Source: Frontiers in Psychiatry - Category: Psychiatry Source Type: research
Conclusions: The findings from this exploratory study are consistent with the possibility that dialogue therapy may lead to improvements in symptoms and functioning compared to standard treatment in psychosis. Introduction Standard treatment (ST) for psychosis consists primarily of antipsychotics, hospitalization, social rehabilitation, and different types of supportive therapy (1–3). Antipsychotic drugs have only moderate effects on positive symptoms and no demonstrable effects on negative symptoms (4–6). Side effects are often prominent and might include a reduction in emotional expression, menstrual ...
Source: Frontiers in Psychiatry - Category: Psychiatry Source Type: research
This study examined all admissions for adults diagnosed with schizophrenia over a 6-month period in 2017 to an inpatient psychiatric unit situated in a nonprofit general hospital in Kingston, Ontario, Canada. The Health Quality Ontario standards for the inpatient care of adults with schizophrenia were used to assess the quality of care provided in hospital. Standards were determined to have been met by doing a thorough chart review for each patient, reviewing all documentation in progress notes, admission notes, discharge notes and emergency room notes for quality standard completion. RESULTS: The average length of st...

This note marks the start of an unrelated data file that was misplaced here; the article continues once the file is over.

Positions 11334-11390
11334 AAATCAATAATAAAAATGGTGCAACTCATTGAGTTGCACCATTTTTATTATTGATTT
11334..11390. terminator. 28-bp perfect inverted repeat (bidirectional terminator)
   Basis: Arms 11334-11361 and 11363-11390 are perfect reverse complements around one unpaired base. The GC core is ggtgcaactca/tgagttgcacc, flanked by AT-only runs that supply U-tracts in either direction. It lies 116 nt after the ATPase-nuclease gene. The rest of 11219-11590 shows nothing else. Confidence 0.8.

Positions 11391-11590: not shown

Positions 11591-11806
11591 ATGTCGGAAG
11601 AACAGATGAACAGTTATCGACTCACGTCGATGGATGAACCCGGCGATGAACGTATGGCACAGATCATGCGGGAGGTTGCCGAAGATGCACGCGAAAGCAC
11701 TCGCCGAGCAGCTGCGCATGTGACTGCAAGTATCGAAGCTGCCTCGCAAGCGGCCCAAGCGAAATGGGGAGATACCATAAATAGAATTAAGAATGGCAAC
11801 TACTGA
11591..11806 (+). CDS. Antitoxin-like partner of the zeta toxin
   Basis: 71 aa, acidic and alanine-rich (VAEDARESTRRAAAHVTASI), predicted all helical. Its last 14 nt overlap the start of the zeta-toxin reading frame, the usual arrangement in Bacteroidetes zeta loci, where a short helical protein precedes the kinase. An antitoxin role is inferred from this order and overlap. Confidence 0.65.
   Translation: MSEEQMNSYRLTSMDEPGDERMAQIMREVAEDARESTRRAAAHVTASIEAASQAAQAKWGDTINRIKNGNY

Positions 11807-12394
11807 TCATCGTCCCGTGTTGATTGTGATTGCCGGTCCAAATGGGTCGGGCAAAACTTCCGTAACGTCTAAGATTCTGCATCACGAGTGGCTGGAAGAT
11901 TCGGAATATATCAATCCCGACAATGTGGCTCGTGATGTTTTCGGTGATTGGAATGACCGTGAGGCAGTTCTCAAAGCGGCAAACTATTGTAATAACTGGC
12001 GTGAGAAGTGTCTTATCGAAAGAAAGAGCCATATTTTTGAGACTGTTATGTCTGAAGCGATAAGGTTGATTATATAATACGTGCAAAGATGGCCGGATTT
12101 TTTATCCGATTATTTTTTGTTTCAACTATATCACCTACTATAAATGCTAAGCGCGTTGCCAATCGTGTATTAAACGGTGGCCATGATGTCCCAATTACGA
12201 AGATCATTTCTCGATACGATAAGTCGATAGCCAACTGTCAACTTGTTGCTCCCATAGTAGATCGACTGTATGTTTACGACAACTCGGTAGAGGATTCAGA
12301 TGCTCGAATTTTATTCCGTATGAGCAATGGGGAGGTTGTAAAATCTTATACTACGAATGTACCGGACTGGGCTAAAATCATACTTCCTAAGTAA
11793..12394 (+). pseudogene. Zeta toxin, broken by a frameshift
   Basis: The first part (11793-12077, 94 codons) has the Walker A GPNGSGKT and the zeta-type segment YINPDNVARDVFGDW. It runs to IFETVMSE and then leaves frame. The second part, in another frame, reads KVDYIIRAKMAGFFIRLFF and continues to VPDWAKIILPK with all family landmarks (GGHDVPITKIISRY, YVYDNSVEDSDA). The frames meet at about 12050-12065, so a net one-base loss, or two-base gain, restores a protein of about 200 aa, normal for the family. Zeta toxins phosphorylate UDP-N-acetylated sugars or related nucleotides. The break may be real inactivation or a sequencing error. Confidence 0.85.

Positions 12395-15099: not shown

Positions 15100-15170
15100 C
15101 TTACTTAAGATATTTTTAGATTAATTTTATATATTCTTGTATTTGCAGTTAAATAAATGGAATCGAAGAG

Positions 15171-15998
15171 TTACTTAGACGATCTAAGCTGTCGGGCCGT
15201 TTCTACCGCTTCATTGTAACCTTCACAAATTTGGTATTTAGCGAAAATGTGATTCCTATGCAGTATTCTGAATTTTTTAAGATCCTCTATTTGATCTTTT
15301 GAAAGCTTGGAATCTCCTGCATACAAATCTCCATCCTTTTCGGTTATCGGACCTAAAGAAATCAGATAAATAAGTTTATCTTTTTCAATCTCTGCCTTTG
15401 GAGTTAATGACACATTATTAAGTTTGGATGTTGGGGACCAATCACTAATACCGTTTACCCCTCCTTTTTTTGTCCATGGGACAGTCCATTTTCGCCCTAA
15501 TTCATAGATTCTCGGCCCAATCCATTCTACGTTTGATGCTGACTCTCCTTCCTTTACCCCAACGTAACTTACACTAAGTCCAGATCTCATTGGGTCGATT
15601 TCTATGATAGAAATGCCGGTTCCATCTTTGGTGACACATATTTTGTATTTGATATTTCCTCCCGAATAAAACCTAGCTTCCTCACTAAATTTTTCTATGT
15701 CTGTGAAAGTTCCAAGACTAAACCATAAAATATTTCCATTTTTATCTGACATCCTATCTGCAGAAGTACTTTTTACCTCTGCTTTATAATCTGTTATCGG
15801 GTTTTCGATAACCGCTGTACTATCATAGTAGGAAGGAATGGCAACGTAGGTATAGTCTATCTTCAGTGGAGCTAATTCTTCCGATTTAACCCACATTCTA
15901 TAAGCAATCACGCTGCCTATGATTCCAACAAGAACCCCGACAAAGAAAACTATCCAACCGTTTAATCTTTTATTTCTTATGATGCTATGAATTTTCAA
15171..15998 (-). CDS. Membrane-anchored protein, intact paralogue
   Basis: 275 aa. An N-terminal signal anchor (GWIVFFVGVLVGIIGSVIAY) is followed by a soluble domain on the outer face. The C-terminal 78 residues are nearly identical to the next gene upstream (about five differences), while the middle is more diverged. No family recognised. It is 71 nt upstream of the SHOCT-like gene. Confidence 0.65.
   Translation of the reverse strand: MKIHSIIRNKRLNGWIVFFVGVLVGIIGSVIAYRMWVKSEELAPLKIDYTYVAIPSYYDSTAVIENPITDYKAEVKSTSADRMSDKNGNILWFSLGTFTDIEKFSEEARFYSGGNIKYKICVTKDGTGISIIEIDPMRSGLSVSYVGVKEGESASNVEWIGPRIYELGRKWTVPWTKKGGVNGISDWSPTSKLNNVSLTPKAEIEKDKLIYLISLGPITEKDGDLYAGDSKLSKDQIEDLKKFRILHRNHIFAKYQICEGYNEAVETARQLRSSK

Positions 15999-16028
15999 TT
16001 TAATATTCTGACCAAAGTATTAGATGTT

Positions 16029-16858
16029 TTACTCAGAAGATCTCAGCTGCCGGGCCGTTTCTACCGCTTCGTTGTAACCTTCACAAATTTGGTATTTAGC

Source: Clinical and Investigative Medicine - Category: Biomedical Science Authors: Tags: Clin Invest Med Source Type: research
This study is a quantitative service evaluation project which uses a questionnaire design to explore the factors that influence a clinician ’s decision to refer a patient for CBTp. Three qualitative questions are included for thematic analysis to allow the respondents to elaborate on their views on potential barriers. All appropriate Community Mental Health Team (CMHT) staff in adult mental health in NHS Lothian were invited to partic ipate in the study. Findings CMHT staff in NHS Lothian hold favourable views of CBTp and would support an increase in access for patients with psychosis. Key barriers to access for CBTp...
Source: Mental Health Review Journal - Category: Psychiatry Source Type: research
CONCLUSION: Group CBTp can be an effective adjunctive psychological intervention in improving positive psychotic experiences among people with persistent psychotic symptoms, and can be applied in routine clinical practice. PMID: 30639991 [PubMed - as supplied by publisher]
Source: Asian Journal of Psychiatry - Category: Psychiatry Tags: Asian J Psychiatr Source Type: research
CONCLUSIONS: Relative to standard care alone, adding CBT to standard care appears to have no effect on long-term risk of relapse. A very small proportion of the available evidence indicated CBT plus standard care may improve long term global state and may reduce the risk of adverse events. Whether adding CBT to standard care leads to clinically important improvement in patients' long-term mental state, quality of life, and social function remains unclear. Satisfaction with care (measured as number of people leaving the study early) was no higher for participants receiving CBT compared to participants receiving standard car...
Source: Cochrane Database of Systematic Reviews - Category: General Medicine Authors: Tags: Cochrane Database Syst Rev Source Type: research
More News: Behavioural Therapy | Cognitive Behavior Therapy | Schizophrenia